The road itself, with its forests, hills and tunnels, is based largely on Canadian highways they travel in real life, especially on the route from Calgary to Vancouver, where Silvestring is based. And at the beginning, that was all they had. “Lucas and ceMelusine did the initial foray into the development, laying out a little bit of art and a quick prototype and a bit of story,” Cyarron said. “And then I came in and, looking at all the stuff they did, I could see these themes that felt very strong running through all the work. It became evident to me very quickly that what we were trying to do was create a space, more than a story.” All told Glitchhikers took about six months to develop.





It’s all very dreamlike and slightly surreal, and the game’s music is one of the biggest factors in creating that atmosphere. It was composed by Devin Vibert, a frequent Silverstring collaborator and long-time friend of Johnson’s (they had a band together in high school). “We have this great working relationship where I can say, ‘Here’s what we’re looking for generally. Here’s some sample music that is essentially the feel that we’re going for. Go make a thing.’ And then he goes and makes a thing and it’s usually almost perfect right off the bat,” Johnson said.

One of the things they sent him for inspiration was David Lynch’s song “Pinky’s Dream,” which the in-game radio DJ name-checks when you start the game. Another was NPR’s long-running radio program Hearts of Space, “which is really bizarre music, anything from, like, new age to degraded rotting magnetic reel-to-reel tapes that have been bought at an estate sale,” Cyarron said. “And it can be like really surreal at creepy to listen to it, especially at that witching hour.”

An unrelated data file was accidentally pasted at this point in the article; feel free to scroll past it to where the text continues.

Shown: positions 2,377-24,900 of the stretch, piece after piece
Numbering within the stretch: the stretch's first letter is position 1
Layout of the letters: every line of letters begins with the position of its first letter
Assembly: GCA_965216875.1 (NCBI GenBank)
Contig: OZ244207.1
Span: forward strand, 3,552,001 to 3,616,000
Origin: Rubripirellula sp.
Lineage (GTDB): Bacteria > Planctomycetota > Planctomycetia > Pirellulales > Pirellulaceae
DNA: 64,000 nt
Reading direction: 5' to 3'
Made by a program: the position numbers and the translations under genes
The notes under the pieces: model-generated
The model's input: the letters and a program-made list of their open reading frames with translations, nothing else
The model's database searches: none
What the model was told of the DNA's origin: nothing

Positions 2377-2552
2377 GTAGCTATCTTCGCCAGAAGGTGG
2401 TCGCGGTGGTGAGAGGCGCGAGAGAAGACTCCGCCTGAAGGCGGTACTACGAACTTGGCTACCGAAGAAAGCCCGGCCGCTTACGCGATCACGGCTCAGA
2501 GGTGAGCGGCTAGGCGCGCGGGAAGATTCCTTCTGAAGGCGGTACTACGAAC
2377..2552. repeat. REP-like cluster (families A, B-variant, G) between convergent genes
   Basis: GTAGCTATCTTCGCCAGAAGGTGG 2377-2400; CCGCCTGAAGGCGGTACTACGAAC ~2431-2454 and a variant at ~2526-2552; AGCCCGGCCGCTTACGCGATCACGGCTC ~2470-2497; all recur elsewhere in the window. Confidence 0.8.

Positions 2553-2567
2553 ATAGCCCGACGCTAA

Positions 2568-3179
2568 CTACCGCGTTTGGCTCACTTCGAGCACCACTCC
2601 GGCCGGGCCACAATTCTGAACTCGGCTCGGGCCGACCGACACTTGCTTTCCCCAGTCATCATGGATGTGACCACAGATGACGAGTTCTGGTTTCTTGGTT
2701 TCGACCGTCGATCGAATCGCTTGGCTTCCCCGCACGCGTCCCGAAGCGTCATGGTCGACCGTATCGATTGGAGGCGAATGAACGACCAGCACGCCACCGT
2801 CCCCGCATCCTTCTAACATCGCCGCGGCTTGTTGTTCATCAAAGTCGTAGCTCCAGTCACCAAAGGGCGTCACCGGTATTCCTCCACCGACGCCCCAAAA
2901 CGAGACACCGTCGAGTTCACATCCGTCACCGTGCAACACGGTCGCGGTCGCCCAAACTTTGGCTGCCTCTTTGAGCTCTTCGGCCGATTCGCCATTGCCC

One thing the developers wanted to avoid was cultural appropriation, made difficult because “cars are basically a spiritual artifact and symbol in North America,” Cyarron said. “So it became a question very quickly of, like, how could we create a space that was very spiritual, that was very meditative, that was like a “sweat lodge,” without going anywhere near that, because so often when you’re talking about those things, storytellers just go right there and just rip off wholesale aboriginal people’s aesthetics and beliefs and do a lot of real damage and hurt by profiting off that.” And the game is more authentic for avoiding that, the developers agreed.

But Glitchhikers is a spiritual game, at least insomuch as it asks spiritual questions. There’s no denying that. “Everyone’s been on a journey,” Cyarron said. “The journey itself is a liminal space…and there’s a whole lot of symbolism about this kind of in-between existence that was very clearly within our grasp when we were making this game. That’s, I think, one of the main things we wanted to push toward.”


Glitchhikers is available now for whatever you want to pay for it at glitchhikers.com. Silverstring’s next big project doesn’t have a name yet, but it’s about “an expedition into a ruined social network, a rather dystopian place constructed of and on the ruins of social networks, where there are real facebooks—that is, books made of faces—where tweets audibly twitter, and where Google’s collection of little bits of you is made physical and literal,“ as Cyarron described the official pitch.